Back to the National Butterfly Center?

Erato Heliconian Butterfly on Grass photographed by Jeff Zablow at the National Butterfly Center, Mission, TX

It is a jolt, seeing way different butterflies at the southernmost tip of Texas. The National Butterfly Center (NBC) in Mission, Texas is visited by many dozens of butterflies that are native to Mexico, and make very rare appearances in the NBC. Now more than 6 months after we visited there, I easily remember the excitement that was unleashed when we saw this Erato Heliconican butterfly.

Yes it’s a bit far away, but this is a “rare” visit to the NBC. This butterfly is rarely seen there. We were there, and sooo Happy to enjoy it’s shocking beauty.

Other rare and uncommon butterflies those 6 days? Red-rim Butterfly, Tropical Greenstreak, Malachite, Mexican Fritillary, Julia Heliconian and those I could not shoot.

Mike, Javier and lots of other folks frequently share Lower Rio Grande butterflies that are new to me or that are very rare, i.e., not seen in the U.S. for 5, 10 or more years.

The desire to return there in 2018 is real. The expenses are also real: Delta flight to San Antonio, Enterprise rental car, and rental apartment all add up to big buck$.

It does rival Florida, because you can find butterflies there in November and December . . .

Think it’s easy when you have the lust to go and find spectacular butterflies?

Jeff

Gold – Up To 1/180,000

Gold-bordered Hairstreak Butterfly photographed by Jeff Zablow at The Wall, Mission, TX

My extensive research indicates that only one out of 180,000 Americans have ever even seen this one, the Gold-Bordered Hairstreak. For Brazilians, the French, Rumanians and Thais, the numbers decline precipitiously. The same is true for Sri Lankans, Guatemalans and North Koreans, that is the viewer numbers plunge to near one in 8.5 million.

I was thinking about this, as I recalled how men and women sped to the “Wall” entrance Retama Village, in Mission, Texas, when the text blast went out, super rare Gold-Bordered at “The Wall.” Folks expert in the butterflies of the Lower Rio Grande Valley actually jumped in their cars to insure that they got a look at this Mexican native, in the United States.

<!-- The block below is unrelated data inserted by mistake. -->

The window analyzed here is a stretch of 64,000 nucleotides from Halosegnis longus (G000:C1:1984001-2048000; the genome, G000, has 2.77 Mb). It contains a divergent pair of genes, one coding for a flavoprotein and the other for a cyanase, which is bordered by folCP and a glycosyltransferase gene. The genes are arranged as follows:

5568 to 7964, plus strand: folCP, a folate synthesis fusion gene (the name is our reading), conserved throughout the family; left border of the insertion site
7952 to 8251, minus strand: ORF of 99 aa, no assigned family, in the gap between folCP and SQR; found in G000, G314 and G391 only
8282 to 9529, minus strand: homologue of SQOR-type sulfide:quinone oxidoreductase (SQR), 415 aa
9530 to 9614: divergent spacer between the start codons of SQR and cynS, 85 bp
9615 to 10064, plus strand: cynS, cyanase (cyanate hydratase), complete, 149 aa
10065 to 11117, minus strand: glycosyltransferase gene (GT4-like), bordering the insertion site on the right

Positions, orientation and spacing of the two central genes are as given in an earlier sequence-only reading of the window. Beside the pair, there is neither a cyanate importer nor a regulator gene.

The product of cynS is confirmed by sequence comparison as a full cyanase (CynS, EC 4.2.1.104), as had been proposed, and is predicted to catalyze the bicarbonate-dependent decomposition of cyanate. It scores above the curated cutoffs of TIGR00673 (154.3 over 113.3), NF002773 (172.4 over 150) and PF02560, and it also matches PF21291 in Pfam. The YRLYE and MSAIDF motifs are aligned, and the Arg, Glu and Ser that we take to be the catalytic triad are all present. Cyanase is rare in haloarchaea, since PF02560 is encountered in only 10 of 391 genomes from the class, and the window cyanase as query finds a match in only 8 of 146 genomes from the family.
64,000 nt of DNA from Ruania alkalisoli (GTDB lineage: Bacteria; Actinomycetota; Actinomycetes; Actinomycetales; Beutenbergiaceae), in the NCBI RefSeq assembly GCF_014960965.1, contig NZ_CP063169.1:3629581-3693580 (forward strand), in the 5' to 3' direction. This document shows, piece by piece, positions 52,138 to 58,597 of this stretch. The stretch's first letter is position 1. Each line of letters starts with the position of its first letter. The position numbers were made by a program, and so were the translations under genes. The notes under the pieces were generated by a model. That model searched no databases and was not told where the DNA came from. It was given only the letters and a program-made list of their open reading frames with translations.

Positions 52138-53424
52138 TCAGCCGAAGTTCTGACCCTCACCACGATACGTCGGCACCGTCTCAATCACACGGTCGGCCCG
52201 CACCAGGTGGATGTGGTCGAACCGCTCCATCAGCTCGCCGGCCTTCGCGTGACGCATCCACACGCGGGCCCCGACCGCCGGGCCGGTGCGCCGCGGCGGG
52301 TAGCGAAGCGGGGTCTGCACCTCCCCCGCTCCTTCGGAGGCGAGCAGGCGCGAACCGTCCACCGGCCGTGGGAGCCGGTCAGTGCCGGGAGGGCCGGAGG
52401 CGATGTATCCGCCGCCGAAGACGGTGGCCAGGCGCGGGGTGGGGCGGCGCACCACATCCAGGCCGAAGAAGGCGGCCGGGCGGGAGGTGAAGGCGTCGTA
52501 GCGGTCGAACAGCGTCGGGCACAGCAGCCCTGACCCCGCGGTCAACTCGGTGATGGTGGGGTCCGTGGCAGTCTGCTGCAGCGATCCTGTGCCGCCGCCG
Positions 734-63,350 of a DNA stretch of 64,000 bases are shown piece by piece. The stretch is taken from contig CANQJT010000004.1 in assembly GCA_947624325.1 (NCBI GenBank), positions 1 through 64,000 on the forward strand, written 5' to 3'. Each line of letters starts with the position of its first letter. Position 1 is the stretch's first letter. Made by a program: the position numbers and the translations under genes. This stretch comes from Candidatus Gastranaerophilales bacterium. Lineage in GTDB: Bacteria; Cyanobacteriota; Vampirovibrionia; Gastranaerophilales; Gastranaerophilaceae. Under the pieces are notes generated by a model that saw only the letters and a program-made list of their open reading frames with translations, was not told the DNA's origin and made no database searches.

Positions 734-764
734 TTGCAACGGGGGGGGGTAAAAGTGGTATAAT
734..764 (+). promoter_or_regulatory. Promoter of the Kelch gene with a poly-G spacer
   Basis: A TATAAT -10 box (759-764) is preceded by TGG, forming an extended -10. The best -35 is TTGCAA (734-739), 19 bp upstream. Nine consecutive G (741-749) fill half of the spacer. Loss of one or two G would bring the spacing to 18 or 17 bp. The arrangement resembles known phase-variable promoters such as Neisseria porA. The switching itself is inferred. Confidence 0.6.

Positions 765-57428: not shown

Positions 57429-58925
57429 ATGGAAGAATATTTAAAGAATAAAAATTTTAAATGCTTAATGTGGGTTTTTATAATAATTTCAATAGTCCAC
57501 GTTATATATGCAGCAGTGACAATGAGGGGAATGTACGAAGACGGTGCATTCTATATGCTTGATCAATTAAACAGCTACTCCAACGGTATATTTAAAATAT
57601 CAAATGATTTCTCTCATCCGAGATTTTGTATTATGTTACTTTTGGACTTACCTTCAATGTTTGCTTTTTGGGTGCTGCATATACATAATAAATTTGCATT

What is it that made me fly to Texas to see new and rare? What drives retired doctors, physicists, CPA’s, RN’s, teachers and officers in blue to dash over to catch a glimpse of a rare butterfly.

That most are esthetes, does that explain it? Yes? No?

Jeff

The Largest Monarchs?

Monarch Butterflies Coupled photographed by Jeff Zablow at the National Butterfly Center, Mission, TX

We were in the perennial beds of the National Butterfly Center. It was seriously hot. Two miles from the Mexican border hot, there in Mission, Texas

The female Monarch butterfly flew in to Asclepias (milkweed). She was the largest Monarch I’ve ever seen. Make that the largest of what, 8,000 monarchs? Before I could make my patented approach, Whamo! this brute of a male Monarch landed on that same Asclepias. They communicated briefly, and then as fast as you can say ‘Howdy Doody’ they were coupled together in this embrace.

He is closest to you, she can be seen below her. Both were very, very large Monarchs. The Land of the Monarch giants!!

Jeff

Tracking Erato Heliconians

Erato Heliconian Butterfly on Grass photographed by Jeff Zablow at the National Butterfly Center, Mission, TX

Our “Rare” Erato Heliconian Butterfly remained in that vicinity for some time. There were just a few of us that caught a glimpse of it in the National Butterfly Center’s Mission, Texas reserve. It riveted the gaze, for those red, broad streaks were red-beyond-red.

Each time it flew, it flew to a new perch, never much more than 15 feet from where it had rested before.

Some time later, the gawkers left to find other Wow! butterflies. I too left, and soon returned. I descended down into that crevice-like trail. When I came within 10 feet of the Erato, it flew. I eagle-eyed that flight, wondering all along . . . how many here in the U.S.have ever seen the Erato’s flight manner?

The Erato flew away on that trail, a straight trail that did not meander left or right. It flew some 4 feet or so above the ground, in a perfectly straight trajectory. No dips, no dives, no meander left or right. I’m thinking that whole time, that the numerous predators around, bird, reptile, insect, mammal . . . ? would have no difficulty snatching this Erato out of the air.

That was when it struck me? Throughout the 100 feet or so of observed flight, those shocking-red streaks remained in sight. The red was visible 100% of the time.

What did I think? That totally visible, bright red must serve as a bold, critical, cryptic warning to any and all: I am toxic, very toxic, and remember what your mother taught you or bide the genetic warning bells your’re hearing . . . for I might just give you a mouthful of hurt!

Like I said before, I could’ve used such a jacket, cape or shirt when I was a kid on those Brooklyn streets: You don’t want to even try it . . . !

Jeff